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Updated on April 22, 2013

Once upon a time, the arrival of new neighbors was received with joy. It was the perfect opportunity to really get to know the people who lived next door. There were community BBQs, community garage sales, or simply talking on the streets with each other about every day things. However, the economical struggling, and the stressful times we have been living in for the past 10 years, has damaged our communications skills too. We are just too tired to talk, too busy to participate in community activities, and too worried working two jobs, so we can support our families.

It has been a gradual “disengagement”, from everything and everyone. We feel bad for someone's tragedy next door, but in the back of our mind the honest thought is: “Better them, than me” or “Sorry, I really don't have time to check what is going on with my neighbors, I have my own problems”.

I have done it, you have done it, just about everyone has done it at least once! The truth is that although we would like to get more involved with the people who surround us, we simply rather close our eyes, and ignore them.

There have been cases where there was even a child kidnapped next door for years, cases like that little girl who was kept captive, continuously raped, and was finally forced to have children with the abductor until she was in her 30's? Did anyone around that house even bother to notice how odd that situation was, where one little girl entered that house one day and years later there were 3 more little girls who apparently showed up out of nowhere?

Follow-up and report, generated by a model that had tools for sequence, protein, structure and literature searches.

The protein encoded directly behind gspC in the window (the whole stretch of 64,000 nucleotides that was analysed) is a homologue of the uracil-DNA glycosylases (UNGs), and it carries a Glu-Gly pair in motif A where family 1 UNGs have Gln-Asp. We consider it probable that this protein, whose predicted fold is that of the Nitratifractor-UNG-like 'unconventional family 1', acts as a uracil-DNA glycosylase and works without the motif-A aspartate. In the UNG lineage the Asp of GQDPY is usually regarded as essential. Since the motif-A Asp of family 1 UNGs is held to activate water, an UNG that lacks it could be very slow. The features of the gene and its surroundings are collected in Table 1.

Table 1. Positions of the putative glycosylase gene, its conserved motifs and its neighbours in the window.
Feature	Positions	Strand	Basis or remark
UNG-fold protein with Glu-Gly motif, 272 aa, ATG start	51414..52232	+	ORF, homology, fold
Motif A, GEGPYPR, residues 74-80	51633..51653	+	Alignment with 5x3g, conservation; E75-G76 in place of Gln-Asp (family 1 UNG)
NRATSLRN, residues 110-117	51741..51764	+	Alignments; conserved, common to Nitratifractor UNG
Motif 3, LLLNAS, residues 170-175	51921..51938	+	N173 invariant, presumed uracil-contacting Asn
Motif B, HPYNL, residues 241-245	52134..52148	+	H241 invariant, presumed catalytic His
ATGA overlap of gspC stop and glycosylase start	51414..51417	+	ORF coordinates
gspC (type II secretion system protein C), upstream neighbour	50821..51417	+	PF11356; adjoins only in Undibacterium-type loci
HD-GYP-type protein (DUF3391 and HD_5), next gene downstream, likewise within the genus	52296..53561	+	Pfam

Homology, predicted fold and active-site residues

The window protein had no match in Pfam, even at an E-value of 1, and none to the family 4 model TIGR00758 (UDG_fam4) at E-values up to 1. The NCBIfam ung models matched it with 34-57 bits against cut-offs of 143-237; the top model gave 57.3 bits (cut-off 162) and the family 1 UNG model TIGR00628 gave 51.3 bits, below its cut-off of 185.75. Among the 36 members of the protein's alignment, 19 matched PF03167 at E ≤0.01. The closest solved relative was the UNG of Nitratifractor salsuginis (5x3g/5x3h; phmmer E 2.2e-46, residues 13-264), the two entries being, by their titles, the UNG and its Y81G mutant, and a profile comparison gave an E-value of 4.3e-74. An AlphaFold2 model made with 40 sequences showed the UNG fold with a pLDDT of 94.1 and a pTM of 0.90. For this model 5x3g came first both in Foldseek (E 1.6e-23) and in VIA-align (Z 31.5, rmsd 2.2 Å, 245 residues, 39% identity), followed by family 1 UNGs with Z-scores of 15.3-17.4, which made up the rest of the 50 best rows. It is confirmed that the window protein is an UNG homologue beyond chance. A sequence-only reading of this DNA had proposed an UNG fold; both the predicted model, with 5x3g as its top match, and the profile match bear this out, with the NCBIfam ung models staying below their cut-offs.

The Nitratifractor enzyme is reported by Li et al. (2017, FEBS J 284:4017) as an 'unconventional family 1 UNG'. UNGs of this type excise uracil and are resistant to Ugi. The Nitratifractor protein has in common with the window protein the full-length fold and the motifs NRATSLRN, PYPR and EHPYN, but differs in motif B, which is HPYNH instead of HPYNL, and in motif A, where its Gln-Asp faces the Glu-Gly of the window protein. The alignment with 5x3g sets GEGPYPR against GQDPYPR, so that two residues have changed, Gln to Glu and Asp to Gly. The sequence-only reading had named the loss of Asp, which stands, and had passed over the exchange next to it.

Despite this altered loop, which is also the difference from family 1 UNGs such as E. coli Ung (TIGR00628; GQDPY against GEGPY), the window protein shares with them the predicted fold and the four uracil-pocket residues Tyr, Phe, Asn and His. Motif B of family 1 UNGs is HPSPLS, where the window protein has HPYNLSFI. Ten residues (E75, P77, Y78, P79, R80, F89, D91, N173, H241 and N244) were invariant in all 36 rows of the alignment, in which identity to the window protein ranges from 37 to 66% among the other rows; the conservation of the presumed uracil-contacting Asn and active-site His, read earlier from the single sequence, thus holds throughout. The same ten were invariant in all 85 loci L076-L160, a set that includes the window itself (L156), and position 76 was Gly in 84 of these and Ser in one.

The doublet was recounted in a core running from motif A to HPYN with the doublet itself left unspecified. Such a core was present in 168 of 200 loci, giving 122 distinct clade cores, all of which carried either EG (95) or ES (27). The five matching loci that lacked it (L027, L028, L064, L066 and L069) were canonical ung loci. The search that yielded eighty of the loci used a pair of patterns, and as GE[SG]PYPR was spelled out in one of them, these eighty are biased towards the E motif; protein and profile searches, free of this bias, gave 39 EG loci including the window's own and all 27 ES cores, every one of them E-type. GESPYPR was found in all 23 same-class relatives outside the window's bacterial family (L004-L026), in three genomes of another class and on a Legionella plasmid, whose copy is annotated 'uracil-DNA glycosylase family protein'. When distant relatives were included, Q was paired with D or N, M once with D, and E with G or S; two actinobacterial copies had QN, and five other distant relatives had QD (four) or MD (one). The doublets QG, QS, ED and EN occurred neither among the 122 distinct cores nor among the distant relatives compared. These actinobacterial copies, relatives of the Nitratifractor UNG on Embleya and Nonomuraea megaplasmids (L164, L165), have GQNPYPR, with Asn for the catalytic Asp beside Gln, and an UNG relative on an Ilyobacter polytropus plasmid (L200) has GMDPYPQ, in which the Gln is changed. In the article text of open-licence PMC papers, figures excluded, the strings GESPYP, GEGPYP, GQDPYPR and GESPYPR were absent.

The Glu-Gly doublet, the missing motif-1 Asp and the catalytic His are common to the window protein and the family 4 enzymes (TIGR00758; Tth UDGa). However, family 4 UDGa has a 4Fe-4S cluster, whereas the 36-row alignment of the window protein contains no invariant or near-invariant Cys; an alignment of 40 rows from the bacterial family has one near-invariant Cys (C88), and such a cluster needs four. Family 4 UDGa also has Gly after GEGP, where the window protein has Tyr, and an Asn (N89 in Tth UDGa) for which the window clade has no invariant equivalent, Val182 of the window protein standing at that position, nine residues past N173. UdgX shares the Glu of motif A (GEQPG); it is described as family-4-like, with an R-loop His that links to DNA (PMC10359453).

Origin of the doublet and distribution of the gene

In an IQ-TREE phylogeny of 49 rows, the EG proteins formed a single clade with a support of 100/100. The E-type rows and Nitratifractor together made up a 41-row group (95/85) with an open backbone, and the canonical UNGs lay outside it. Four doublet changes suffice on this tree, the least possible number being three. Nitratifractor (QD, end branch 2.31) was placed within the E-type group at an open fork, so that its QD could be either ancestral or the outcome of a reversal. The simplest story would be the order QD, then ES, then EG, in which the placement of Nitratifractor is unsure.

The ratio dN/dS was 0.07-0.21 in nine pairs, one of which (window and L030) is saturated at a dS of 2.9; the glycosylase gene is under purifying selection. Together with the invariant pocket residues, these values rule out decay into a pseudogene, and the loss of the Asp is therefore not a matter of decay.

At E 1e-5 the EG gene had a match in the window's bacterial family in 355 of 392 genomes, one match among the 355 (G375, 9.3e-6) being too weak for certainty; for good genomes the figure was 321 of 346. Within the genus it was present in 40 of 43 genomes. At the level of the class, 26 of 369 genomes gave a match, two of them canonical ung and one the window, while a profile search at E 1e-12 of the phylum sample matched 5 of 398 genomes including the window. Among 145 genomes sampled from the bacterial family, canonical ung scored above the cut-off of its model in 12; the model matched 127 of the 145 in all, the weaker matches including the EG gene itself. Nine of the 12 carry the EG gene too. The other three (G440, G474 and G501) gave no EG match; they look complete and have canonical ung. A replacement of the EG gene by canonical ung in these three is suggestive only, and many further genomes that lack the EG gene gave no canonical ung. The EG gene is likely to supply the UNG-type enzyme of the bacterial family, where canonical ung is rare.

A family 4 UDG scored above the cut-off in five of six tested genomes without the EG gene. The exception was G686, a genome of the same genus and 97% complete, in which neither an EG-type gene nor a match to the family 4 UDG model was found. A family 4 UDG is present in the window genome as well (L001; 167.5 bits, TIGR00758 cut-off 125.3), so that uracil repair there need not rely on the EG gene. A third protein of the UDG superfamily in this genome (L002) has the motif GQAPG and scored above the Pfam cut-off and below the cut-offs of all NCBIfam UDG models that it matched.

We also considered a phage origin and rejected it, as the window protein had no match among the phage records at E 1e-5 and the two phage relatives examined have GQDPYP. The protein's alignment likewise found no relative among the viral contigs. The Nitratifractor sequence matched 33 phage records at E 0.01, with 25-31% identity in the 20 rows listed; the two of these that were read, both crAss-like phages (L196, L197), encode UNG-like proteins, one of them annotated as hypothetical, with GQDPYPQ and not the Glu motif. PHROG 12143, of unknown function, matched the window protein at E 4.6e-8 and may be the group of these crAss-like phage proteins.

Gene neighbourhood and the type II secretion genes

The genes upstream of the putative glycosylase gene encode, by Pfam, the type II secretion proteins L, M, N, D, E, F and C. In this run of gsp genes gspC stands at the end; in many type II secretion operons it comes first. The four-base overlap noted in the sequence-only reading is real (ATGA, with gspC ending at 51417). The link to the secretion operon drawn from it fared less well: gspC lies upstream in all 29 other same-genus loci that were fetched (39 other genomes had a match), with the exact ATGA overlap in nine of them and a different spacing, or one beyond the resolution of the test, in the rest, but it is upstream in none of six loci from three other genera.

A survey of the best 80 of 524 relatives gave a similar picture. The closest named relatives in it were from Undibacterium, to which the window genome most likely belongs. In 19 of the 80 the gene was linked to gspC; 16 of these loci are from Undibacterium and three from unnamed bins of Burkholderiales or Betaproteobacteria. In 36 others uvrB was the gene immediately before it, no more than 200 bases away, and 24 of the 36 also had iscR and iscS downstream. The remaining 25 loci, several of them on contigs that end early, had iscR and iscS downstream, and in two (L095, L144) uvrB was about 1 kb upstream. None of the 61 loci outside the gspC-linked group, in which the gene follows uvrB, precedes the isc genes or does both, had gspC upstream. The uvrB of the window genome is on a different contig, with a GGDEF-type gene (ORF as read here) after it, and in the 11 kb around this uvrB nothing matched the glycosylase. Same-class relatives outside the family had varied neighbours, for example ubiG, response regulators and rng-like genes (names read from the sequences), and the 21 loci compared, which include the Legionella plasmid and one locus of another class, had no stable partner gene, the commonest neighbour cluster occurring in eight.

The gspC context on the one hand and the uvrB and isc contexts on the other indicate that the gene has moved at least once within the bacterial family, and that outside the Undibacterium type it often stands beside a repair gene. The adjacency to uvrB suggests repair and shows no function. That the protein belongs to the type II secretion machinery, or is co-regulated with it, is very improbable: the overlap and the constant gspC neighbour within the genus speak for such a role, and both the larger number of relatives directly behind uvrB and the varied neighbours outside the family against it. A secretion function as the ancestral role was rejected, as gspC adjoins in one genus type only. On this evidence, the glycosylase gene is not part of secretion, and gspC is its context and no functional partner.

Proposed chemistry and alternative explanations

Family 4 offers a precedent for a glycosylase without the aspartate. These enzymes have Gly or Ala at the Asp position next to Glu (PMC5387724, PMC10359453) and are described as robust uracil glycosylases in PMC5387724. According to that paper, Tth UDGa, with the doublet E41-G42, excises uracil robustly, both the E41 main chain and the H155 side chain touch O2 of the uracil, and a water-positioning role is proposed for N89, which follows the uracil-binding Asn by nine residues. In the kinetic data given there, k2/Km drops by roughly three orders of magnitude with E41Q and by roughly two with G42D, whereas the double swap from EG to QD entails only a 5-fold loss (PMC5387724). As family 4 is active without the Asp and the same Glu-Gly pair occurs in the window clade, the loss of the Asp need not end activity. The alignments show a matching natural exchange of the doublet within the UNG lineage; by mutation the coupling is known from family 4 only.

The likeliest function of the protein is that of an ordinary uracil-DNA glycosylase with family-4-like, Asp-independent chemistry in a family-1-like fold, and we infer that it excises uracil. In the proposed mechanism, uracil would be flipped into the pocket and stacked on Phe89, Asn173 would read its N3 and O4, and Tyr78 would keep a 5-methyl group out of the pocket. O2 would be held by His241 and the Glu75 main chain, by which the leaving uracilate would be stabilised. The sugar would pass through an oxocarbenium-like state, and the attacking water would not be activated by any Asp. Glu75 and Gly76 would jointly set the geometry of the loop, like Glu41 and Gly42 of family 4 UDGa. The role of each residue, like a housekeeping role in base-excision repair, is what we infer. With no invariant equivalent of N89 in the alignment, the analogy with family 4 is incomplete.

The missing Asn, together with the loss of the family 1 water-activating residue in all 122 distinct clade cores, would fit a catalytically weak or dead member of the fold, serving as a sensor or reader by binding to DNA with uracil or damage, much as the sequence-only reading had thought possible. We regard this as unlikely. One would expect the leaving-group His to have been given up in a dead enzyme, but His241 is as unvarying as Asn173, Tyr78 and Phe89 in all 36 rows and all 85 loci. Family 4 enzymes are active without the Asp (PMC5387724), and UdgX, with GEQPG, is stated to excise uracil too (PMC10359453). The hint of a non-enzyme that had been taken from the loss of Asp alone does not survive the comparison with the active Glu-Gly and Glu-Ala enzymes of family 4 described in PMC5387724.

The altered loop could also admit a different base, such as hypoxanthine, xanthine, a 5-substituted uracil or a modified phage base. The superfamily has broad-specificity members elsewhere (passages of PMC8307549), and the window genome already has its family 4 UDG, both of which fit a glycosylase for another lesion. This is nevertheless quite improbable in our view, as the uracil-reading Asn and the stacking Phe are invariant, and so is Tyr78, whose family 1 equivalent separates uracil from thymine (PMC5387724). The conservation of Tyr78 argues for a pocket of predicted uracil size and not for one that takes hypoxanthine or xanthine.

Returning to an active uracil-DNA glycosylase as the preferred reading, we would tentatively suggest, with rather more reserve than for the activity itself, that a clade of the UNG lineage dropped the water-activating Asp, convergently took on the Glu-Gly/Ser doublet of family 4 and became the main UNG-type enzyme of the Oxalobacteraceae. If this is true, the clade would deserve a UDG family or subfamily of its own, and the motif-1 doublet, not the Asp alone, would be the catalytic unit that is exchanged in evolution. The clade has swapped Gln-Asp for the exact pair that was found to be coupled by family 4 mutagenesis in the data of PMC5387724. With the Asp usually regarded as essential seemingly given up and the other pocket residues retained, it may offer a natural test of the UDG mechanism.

What about the neighbors of the terrorists on 9/11? I doubt that any of their neighbors ever wondered why there was so much technology for a simple household, and why those neighbors were so anti-social? Apparently the clue is “quiet” neighbors, the kind who don't talk much, and don't socialize very much. It is perfectly normal that you want to keep certain level of privacy, After all it is our right! But what happens when this behavior is combined with other factors, like odd situations or threatening comments? When exactly would you become suspicious of someone?

In many scenarios, that quiet neighbor was a serial killer, sexual predator, or a terrorist. It seems like it has to take a tragedy to discover that the nice, polite, quiet neighbor next door, was nothing by a criminal. Don't take me wrong, it could perfectly be the case of someone that is extremely shy, or maybe even depressed, or why not? Simply antisocial. But let's face it, sooner or later, we'll get to know that person better, and we will be able to determine what the issue was.

I am talking about that new neighbor, the one who keeps his windows shut, and that will never invite us in. The one who never calls on the phone to anybody, the one who never leaves the house, or comes back immediately to check if someone has disturbed his premises. Every time another neighbor approaches him, he reacts with indifference, almost hostility, and he never asks anything about your personal life, or any questions about anything, because he is afraid you might ask questions too.

The respect for human rights has become a double-edged knife in this country. We respect the privacy of others, but what happens when this privacy turns into a threat for our own security? Are we not supposed to ask questions either? Honestly, whoever has nothing to hide, will answer a clarifying question, if you explain that there is a certain situation, that makes you feel uneasy. For example: Years ago, I was sitting in my porch when I observed a cat on top of the neighbor's air conditioning unit. It was raining and the unit was right next to their kitchen window. All of the sudden, a gloved hand came through the window and snatched the kitty by the neck, without giving him time to even say “meow”, and ever since that day, I never saw the cat again.